The patient should understand the single-dose and 24 hour dose limits, and the time interval between doses.

    Drug Interactions

    Patients receiving other narcotic analgesics, antipsychotics, antianxiety agents, or other CNS depressants (including alcohol) concomitantly with this drug may exhibit an additive CNS depression. When such combined therapy is contemplated, the dose of one or both agents should be reduced.

    The concurrent use of anticholinergics with codeine may produce paralytic ileus.

    Carcinogenesis, Mutagenesis, Impairment of Fertility

    No long-term studies in animals have been performed with acetaminophen or codeine to determine carcinogenic potential or effects on fertility.

    Acetaminophen and codeine have been found to have no mutagenic potential using the Ames Salmonella-Microsomal Activation test, the Basc test on Drosophila germ cells, and the Micronucleus test on mouse bone marrow.


    Teratogenic Effects: Pregnancy Category C.

    Codeine:   A study in rats and rabbits reported no teratogenic effect of codeine administered during the period of organogenesis in doses ranging from 5 to 120 mg/kg. In the rat, doses at the 120 mg/kg level, in the toxic range for the adult animal, were associated with an increase in embryo resorption at the time of implantation. In another study a single 100 mg/kg dose of codeine administered to pregnant mice reportedly resulted in delayed ossification in the offspring.

    There are no studies in humans, and the significance of these findings to humans, if any, is not known.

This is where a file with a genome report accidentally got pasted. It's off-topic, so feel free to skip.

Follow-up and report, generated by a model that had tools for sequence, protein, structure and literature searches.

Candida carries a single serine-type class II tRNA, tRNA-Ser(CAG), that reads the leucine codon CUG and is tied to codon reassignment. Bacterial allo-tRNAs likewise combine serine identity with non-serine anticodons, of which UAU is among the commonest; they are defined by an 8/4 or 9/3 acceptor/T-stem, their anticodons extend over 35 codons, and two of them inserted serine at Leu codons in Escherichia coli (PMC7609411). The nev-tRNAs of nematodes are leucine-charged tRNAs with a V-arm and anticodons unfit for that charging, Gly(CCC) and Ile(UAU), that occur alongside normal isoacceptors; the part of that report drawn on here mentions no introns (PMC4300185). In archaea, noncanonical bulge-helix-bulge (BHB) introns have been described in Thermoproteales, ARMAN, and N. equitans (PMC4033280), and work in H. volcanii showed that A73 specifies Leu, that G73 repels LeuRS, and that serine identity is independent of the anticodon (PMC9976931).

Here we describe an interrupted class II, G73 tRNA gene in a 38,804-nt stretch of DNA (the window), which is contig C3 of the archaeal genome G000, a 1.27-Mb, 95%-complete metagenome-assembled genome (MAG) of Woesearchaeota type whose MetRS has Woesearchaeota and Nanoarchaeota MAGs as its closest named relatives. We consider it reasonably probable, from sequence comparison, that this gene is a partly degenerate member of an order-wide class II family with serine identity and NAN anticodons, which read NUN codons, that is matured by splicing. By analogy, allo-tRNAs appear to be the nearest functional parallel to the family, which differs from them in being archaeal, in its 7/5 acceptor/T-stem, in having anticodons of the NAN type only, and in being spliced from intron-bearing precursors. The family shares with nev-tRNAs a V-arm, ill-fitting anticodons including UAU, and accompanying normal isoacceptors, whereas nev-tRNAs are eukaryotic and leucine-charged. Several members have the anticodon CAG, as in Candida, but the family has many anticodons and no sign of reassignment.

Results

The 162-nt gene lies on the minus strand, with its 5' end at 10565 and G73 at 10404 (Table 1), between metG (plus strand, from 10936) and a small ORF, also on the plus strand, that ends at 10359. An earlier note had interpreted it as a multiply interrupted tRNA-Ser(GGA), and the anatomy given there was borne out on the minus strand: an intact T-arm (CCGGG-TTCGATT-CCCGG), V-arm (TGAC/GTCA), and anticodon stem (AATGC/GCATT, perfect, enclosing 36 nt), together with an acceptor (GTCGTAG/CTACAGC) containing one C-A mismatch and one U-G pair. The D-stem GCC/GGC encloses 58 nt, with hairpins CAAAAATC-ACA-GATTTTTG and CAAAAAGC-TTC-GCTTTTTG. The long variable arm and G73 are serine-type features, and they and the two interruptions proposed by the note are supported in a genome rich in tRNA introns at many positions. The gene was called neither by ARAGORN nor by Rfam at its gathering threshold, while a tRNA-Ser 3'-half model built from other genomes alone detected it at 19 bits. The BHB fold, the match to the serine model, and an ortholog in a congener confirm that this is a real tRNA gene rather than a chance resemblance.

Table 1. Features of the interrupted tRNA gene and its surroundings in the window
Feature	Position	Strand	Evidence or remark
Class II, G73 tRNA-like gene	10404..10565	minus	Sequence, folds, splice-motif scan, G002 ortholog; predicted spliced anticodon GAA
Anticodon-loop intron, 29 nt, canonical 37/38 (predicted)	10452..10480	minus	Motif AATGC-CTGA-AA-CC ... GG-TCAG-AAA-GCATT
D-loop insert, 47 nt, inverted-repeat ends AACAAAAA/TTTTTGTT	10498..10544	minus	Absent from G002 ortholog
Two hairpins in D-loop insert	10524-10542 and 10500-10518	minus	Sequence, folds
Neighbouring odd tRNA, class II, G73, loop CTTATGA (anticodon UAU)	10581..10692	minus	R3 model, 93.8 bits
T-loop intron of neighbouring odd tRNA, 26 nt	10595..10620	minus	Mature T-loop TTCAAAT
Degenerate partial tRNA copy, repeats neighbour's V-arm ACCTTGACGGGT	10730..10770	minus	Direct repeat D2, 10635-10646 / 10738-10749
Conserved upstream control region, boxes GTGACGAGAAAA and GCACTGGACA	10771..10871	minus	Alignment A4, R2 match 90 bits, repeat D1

TYLENOL® with Codeine (acetaminophen and codeine phosphate) tablets should be used during pregnancy only if the potential benefit justifies the potential risk to the fetus.

    Nonteratogenic Effects:

    Dependence has been reported in newborns whose mothers took opiates regularly during pregnancy. Withdrawal signs include irritability, excessive crying, tremors, hyperreflexia, fever, vomiting, and diarrhea. These signs usually appear during the first few days of life.

    Labor and Delivery

    Narcotic analgesics cross the placental barrier. The closer to delivery and the larger the dose used, the greater the possibility of respiratory depression in the newborn. Narcotic analgesics should be avoided during labor if delivery of a premature infant is anticipated. If the mother has received narcotic analgesics during labor, newborn infants should be observed closely for signs of respiratory depression. Resuscitation may be required (see OVERDOSAGE ). The effect of codeine, if any, on the later growth, development, and functional maturation of the child is unknown.

    Nursing Mothers

    Some studies, but not others, have reported detectable amounts of codeine in breast milk. The levels are probably not clinically significant after usual therapeutic dosage. The possibility of clinically important amounts being excreted in breast milk in individuals abusing codeine should be considered.

    Pediatric Use

    Safety and effectiveness in pediatric patients have not been established.


    The most frequently observed adverse reactions include lightheadedness, dizziness, sedation, shortness of breath, nausea and vomiting. These effects seem to be more prominent in ambulatory than in non-ambulatory patients, and some of these adverse reactions may be alleviated if the patient lies down. Other adverse reactions include allergic reactions, euphoria, dysphoria, constipation, abdominal pain and pruritus.

    At higher doses, codeine has most of the disadvantages of morphine including respiratory depression.


    TYLENOL® with Codeine (acetaminophen and codeine phosphate) tablets are a Schedule III controlled substance.

    Codeine can produce drug dependence of the morphine type and, therefore, has the potential for being abused. Psychic dependence, physical dependence and tolerance may develop upon repeated administration of this drug, and it should be prescribed and administered with the same degree of caution appropriate to the use of other oral narcotic-containing medications.



    Signs and Symptoms:   In acute acetaminophen overdosage, dose-dependent, potentially fatal hepatic necrosis is the most serious adverse effect. Renal tubular necrosis, hypoglycemic coma and thrombocytopenia may also occur.